In October 1794,
Still seeking to make his fortune, Woodruff placed an advertisement in the new St. Francisville newspaper in the summer of 1811. He informed the public that "an academy would be opening on the first Monday in September for the reception of students." He planned to offer English, grammar, astronomy, geography, elocution, composition, penmanship and Greek and Latin languages. The academy was short-lived and in 1814 he joined Colonel Hide's cavalry regiment from the Feliciana parish to fight alongside Andrew Jackson at the Battle of New Orleans. When the War of 1812 had ended, Woodruff returned to Bayou Sara with the intention of studying law.
He began his studies with Judge David Bradford and soon earned his degree. He also fell in love with and married
But times got tough and Winter was unable to hold onto the Myrtles. By December 1867, he was completely bankrupt and the Myrtles was sold by the U.S. Marshal to the New York Warehouse & Security Company on April 15, 1868. Two years later, on April 23, the property was sold back to Sarah as the heir of her father, Ruffin G. Stirling. It is unknown just what occurred to cause this reversal of fortune but it seemed as though things were improving for the family once again.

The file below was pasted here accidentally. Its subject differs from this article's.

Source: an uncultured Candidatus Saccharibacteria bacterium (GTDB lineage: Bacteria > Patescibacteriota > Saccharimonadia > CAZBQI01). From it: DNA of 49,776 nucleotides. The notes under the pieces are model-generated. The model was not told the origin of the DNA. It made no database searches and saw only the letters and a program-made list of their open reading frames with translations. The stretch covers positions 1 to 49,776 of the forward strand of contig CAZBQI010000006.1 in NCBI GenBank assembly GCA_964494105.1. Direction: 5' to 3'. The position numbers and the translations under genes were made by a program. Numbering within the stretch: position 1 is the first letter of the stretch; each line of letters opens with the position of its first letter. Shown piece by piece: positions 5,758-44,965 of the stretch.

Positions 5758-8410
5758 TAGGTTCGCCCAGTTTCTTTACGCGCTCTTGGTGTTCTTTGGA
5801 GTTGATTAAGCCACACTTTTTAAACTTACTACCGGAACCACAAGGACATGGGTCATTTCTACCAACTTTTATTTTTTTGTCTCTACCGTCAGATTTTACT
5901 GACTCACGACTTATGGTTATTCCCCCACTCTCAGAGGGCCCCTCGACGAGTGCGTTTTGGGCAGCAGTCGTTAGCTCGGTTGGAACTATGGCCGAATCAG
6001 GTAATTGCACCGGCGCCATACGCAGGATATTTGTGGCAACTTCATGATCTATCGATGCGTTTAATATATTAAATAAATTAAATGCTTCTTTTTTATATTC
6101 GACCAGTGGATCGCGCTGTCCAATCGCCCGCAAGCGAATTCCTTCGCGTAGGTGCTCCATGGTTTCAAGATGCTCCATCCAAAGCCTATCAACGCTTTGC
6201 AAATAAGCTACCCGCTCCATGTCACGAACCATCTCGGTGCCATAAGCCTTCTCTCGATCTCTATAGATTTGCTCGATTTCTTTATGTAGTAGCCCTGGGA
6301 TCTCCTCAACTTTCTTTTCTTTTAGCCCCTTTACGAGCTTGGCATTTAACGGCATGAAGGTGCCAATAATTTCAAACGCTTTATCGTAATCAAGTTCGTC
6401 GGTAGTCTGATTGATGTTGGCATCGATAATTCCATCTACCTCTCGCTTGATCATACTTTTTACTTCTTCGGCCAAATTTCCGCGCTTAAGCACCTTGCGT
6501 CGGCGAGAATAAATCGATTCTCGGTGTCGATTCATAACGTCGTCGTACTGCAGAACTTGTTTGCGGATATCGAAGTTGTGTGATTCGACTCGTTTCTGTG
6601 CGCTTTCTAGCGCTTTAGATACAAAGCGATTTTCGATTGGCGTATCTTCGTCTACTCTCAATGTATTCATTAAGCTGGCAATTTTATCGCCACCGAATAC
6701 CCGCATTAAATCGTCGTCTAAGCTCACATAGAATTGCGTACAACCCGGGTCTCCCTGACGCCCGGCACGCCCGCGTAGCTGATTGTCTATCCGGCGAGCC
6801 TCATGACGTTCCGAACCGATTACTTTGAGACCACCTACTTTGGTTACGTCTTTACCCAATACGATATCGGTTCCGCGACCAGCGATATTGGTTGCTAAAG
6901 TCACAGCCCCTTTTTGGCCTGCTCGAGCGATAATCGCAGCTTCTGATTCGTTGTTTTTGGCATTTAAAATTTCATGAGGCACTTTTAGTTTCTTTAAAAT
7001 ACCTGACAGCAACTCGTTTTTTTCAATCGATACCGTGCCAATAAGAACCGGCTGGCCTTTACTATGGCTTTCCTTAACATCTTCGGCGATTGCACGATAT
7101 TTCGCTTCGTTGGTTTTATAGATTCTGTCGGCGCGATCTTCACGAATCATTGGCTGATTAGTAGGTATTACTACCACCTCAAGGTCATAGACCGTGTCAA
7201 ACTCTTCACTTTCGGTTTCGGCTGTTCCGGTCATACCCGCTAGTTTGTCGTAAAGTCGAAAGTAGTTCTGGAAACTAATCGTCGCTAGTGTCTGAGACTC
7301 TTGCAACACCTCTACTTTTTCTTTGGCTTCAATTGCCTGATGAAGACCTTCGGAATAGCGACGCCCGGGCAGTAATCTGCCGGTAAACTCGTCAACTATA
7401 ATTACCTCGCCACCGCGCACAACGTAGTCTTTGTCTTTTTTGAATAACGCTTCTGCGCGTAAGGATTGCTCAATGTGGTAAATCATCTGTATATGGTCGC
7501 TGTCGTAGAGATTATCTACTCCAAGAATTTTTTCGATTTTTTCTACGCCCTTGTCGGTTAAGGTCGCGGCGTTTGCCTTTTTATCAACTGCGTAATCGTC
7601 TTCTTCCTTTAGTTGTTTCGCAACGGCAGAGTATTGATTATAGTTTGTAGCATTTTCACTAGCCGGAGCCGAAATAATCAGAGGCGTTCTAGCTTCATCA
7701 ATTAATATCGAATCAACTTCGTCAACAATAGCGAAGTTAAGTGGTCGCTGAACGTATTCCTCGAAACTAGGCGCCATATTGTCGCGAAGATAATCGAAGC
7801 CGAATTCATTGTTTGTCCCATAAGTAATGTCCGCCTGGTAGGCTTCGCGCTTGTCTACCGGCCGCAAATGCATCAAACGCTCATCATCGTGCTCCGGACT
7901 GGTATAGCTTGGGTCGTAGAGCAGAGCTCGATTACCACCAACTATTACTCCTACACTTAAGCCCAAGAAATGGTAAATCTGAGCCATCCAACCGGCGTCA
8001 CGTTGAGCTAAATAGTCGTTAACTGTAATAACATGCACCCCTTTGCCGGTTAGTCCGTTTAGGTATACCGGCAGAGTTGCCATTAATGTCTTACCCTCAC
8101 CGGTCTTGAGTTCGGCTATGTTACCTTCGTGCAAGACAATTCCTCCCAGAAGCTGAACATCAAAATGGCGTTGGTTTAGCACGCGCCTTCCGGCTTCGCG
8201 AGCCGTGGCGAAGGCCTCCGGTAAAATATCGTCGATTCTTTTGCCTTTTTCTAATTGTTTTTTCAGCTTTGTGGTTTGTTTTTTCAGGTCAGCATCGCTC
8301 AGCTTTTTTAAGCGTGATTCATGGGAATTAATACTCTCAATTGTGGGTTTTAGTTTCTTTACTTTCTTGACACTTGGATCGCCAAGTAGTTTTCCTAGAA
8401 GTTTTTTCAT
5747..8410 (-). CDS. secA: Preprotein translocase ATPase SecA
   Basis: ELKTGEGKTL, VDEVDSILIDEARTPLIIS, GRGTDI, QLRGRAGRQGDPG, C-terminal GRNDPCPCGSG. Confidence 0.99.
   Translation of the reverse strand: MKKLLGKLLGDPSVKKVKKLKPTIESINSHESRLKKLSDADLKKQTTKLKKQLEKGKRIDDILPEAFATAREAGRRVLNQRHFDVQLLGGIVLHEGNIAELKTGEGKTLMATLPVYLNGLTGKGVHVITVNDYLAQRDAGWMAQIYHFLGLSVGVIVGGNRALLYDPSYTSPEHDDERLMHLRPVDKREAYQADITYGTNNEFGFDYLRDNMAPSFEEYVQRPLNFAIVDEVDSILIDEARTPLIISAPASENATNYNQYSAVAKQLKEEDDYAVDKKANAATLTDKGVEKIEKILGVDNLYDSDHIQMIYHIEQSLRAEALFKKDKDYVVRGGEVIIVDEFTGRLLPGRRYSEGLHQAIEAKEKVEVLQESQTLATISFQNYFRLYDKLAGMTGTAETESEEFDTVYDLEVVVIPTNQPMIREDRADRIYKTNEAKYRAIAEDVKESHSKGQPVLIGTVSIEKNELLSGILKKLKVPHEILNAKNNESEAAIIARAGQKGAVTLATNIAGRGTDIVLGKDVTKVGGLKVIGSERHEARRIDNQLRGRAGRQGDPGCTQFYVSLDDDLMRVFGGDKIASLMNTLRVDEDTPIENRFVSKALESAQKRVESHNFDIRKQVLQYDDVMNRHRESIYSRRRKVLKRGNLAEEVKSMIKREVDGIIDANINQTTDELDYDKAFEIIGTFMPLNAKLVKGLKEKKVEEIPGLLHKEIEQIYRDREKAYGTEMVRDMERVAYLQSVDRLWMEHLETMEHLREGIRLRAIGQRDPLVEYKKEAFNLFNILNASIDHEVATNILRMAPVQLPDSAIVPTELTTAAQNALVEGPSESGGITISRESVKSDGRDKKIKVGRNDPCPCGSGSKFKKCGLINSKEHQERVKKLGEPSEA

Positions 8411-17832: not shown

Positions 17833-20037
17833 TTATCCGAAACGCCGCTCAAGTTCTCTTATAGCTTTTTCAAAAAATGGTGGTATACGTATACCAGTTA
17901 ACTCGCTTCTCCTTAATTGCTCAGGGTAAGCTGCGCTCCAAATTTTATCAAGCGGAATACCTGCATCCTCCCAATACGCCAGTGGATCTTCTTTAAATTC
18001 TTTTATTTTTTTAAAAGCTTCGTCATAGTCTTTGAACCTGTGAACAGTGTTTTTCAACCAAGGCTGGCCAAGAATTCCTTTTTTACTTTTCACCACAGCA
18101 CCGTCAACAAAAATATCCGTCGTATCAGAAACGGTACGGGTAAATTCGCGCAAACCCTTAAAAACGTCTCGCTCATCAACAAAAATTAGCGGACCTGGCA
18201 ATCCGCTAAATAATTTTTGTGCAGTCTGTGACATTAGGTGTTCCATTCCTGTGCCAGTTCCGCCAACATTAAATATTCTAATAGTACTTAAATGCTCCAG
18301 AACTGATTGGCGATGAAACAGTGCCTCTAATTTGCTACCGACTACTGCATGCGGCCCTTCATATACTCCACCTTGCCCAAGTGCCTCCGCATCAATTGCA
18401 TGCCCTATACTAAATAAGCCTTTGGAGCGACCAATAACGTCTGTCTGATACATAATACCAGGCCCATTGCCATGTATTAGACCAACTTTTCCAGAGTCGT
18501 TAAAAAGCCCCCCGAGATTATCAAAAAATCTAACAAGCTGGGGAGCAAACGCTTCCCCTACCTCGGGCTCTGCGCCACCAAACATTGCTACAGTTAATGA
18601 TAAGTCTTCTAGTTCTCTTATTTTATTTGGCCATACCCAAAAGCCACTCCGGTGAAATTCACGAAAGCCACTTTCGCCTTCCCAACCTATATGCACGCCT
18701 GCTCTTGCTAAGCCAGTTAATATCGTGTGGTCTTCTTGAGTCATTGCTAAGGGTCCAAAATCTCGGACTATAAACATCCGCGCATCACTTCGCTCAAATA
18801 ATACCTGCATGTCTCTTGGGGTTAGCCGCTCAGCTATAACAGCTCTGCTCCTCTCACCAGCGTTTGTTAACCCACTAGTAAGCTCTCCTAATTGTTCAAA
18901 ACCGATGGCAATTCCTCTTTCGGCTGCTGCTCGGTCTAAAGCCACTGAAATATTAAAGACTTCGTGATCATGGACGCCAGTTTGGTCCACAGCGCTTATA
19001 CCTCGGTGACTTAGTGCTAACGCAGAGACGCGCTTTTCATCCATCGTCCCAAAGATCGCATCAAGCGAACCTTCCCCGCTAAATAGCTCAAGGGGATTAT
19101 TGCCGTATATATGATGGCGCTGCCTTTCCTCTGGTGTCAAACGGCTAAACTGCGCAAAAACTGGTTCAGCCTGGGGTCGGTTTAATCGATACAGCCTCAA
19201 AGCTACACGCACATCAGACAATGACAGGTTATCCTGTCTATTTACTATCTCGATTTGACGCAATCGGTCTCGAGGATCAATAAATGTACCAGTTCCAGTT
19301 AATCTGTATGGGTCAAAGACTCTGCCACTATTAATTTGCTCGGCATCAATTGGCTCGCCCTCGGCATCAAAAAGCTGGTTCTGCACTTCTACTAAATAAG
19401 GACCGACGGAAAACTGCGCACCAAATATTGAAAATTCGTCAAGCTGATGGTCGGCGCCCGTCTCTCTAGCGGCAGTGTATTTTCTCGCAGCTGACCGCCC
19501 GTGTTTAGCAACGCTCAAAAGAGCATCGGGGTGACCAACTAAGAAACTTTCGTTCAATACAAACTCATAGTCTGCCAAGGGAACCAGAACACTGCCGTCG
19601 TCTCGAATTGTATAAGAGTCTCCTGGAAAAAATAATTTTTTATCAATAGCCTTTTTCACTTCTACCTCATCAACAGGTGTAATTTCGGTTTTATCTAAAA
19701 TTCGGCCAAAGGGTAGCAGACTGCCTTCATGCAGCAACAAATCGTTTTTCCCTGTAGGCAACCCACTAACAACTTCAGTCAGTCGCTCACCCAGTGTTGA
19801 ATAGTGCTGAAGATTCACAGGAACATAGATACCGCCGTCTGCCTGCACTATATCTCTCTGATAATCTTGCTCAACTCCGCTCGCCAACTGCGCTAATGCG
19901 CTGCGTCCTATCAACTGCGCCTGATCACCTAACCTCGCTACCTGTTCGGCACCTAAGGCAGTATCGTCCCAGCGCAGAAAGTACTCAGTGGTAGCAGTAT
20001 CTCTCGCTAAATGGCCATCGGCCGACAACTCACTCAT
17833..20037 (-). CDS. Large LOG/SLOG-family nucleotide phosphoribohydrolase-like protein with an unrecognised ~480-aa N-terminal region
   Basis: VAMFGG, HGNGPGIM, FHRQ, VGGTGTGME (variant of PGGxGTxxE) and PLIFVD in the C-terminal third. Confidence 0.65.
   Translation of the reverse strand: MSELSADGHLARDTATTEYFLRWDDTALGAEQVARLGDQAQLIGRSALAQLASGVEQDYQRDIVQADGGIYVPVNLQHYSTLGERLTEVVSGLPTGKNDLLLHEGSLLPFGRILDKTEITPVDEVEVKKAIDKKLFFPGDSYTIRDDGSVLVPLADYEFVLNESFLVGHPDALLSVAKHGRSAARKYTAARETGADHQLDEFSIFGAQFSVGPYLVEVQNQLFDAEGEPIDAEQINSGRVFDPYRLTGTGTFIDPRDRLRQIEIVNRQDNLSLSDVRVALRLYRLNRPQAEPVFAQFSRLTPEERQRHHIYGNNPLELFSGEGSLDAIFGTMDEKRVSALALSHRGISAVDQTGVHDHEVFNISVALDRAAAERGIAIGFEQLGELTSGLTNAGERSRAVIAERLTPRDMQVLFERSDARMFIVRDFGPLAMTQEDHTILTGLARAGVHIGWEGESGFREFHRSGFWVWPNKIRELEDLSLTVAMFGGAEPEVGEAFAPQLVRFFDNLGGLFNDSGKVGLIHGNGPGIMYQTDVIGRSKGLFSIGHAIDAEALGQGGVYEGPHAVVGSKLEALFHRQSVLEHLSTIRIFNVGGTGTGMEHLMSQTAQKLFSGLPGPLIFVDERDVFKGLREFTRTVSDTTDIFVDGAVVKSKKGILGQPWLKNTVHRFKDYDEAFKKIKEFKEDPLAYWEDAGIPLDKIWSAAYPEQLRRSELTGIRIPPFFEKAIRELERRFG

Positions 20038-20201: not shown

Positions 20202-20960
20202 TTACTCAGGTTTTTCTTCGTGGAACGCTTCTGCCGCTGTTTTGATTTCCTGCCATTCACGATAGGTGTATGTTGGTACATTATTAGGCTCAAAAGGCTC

But a short time later, tragedy struck. According to the January 1871 issue of the Point Coupee Democrat newspaper, Winter was teaching a Sunday School lesson in the gentlemen's parlor when he heard someone approach the house on horseback. The stranger (a suspected E. S. Webber) called out to him relaying he had business to discuss. When Winter went onto the side gallery of the house he was shot. He collapsed on the porch and within minutes died. Those inside hurried outside to find Winter. Winter died on January 26, 1871 and was buried the following day at Grace Church. The newspaper reported that Webber was to stand trial for Winter's murder but no outcome of the case was ever recorded.
Sarah was so devastated that she never married again. She continued living in the home with her mother and siblings until her death in April 1878 at the age of 44.
During a storm, the Williams' oldest son, Harry, was trying to gather stray cattle and fell into the
The home currently is owned by John & Teeta Moss and is now a bed & breakfast. Historical and mystery tours are also offered. The plantation house was listed on the National Register of Historic Places in 1978.